​Grateful For a Culture of Feedback

School of Medicine

An unexpected advantage of introducing a new curriculum has been the fervent solicitation of student feedback. Through a renewed emphasis on feedback and change, first-year students will not only cross Bridges, we will help build it.

Beginning in August, UCSF faculty and staff have sought out student opinion through a variety of sustained and novel approaches. There have been weekly lunch hours with our professors, student advisory meetings with deans, and expanded student representation on our School of Medicine governance committees. The goal has been to learn about the strengths and weaknesses of Bridges — from technology resources to course content — from all of the students.

This is in stark contrast to previous years where end-of-course evaluations, along with student representation by the interested few, were the primary channels for student feedback.

Along with greater inclusivity that gives voice to the diversity of opinions that exist within our class, the weekly dialogue through feedback sessions in Bridges brings other benefits. Unlike the previous methods which targeted curricular improvement for future years, the in-person discussions in Bridges have led to problem solving in real time.

One particularly welcome change came during our recent “Airway, Blood, and Circulation” (ABC) course. With Bridges, this course was shortened from its original 12-week duration down to 7 weeks. The compressed timeframe and addition of new curricular elements led to unexpected challenges. The feedback was clear – we were overwhelmed.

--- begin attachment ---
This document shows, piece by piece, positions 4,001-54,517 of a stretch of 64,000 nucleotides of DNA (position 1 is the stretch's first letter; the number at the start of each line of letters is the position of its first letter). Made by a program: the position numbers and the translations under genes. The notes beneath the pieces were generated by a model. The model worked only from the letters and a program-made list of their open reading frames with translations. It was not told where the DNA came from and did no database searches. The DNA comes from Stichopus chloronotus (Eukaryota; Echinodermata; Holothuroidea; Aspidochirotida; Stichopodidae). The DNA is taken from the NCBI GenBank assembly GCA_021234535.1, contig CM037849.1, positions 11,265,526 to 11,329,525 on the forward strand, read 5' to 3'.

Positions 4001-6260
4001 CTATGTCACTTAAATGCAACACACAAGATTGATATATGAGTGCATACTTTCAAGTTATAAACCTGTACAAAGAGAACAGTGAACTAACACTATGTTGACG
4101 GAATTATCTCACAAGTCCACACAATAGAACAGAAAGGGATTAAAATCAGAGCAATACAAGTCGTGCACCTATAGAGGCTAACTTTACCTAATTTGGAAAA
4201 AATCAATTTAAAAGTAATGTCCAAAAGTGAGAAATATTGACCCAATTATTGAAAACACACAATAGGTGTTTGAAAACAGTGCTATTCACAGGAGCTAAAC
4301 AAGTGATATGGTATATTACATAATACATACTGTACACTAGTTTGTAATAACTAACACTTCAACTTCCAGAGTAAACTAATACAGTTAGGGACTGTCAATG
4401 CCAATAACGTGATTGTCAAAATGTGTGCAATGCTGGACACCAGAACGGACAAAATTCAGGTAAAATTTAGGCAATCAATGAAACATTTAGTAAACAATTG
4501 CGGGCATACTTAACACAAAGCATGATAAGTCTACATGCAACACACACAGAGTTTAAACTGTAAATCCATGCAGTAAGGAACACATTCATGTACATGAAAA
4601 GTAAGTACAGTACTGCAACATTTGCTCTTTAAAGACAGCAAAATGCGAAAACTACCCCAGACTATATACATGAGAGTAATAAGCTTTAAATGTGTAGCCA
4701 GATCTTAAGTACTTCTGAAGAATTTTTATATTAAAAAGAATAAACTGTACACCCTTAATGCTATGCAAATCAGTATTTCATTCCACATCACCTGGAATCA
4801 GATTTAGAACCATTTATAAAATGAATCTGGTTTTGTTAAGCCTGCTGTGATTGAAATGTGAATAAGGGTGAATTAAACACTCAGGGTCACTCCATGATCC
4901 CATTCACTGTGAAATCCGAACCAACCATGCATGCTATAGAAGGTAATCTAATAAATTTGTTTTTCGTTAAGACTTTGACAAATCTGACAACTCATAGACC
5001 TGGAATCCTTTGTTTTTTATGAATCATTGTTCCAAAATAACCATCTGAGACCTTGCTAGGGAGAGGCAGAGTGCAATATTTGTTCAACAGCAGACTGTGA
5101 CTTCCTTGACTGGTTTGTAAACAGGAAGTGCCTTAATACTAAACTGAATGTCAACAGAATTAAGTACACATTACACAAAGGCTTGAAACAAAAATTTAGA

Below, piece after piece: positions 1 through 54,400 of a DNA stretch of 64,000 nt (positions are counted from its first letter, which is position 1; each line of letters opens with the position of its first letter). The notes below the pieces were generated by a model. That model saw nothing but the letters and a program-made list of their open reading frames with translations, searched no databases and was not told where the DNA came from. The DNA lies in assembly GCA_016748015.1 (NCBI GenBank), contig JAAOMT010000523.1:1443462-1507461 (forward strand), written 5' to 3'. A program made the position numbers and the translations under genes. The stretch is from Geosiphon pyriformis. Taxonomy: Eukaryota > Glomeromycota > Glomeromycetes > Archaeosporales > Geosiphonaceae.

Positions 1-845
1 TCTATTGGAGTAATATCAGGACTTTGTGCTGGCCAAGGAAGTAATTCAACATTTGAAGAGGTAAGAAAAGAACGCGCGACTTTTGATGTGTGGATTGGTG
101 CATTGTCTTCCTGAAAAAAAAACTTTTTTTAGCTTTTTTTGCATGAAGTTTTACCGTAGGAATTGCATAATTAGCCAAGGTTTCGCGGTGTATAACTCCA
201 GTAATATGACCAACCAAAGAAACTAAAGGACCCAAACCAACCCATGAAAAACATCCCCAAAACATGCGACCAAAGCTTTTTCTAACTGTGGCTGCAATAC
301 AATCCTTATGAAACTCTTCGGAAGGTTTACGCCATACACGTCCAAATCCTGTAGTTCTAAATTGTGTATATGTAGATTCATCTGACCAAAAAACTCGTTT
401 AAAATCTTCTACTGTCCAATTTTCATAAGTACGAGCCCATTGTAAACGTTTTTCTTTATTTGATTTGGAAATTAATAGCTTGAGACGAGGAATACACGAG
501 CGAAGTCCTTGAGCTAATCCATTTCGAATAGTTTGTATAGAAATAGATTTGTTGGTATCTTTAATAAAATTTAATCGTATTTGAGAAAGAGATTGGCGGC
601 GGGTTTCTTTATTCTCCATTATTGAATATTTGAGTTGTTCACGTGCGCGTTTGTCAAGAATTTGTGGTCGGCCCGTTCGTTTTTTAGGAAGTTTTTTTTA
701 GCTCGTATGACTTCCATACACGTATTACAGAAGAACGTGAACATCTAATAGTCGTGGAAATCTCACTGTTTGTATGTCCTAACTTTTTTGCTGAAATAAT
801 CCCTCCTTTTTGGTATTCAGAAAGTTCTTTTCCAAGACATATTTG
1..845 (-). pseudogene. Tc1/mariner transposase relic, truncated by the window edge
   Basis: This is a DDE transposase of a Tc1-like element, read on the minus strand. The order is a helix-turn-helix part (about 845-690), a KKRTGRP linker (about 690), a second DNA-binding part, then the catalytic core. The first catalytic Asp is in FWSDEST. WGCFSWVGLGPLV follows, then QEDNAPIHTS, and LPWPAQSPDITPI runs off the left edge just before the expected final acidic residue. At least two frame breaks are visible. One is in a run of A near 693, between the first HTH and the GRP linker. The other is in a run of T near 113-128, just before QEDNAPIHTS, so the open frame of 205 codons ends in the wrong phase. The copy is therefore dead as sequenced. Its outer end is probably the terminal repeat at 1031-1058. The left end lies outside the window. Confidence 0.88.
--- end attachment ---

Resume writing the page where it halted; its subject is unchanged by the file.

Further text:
The administration and faculty validated our concerns with action. The result was a much needed rescheduling of concurrent Core Inquiry Curriculum (CIC) sessions to allot greater time to master ABC coursework.

Despite the success of these immediate changes, there is confusion about the feedback process. What student feedback ultimately leads to these real-time improvements? Who has the deciding power to make these changes? More transparency is needed about what happens following varied student input.

One solution is creating a more systematic process for acting on immediate feedback. Students should be given the opportunity to comment on proposed improvements before they are enacted. This would help not only increase transparency but also identify the curricular changes that would be most impactful.

Another issue has been integrating feedback from different parts of the curriculum. Feedback sessions are often separated by element (i.e., CMC, Foundational Sciences, and CIC), with each having its own goals and demands. Allowing students to voice opinions on the experience as a whole will be key to refining a truly integrated curriculum.

Nonetheless, the willingness of our administration to adapt in response to student feedback has been crucial to Bridges thus far — and real-time student feedback has only been possible given the ongoing dialogue with our faculty each week. While weekly in-person feedback sessions may not be sustainable in the future, I would recommend that they continue to be incorporated in some form even once Bridges has been established.

The new curriculum has already begun to create a culture of change through inclusive and regular feedback. As the first Bridges students, it is our responsibility to preserve this culture to ensure real-time continuous improvement is a part of medical education for all future UCSF students.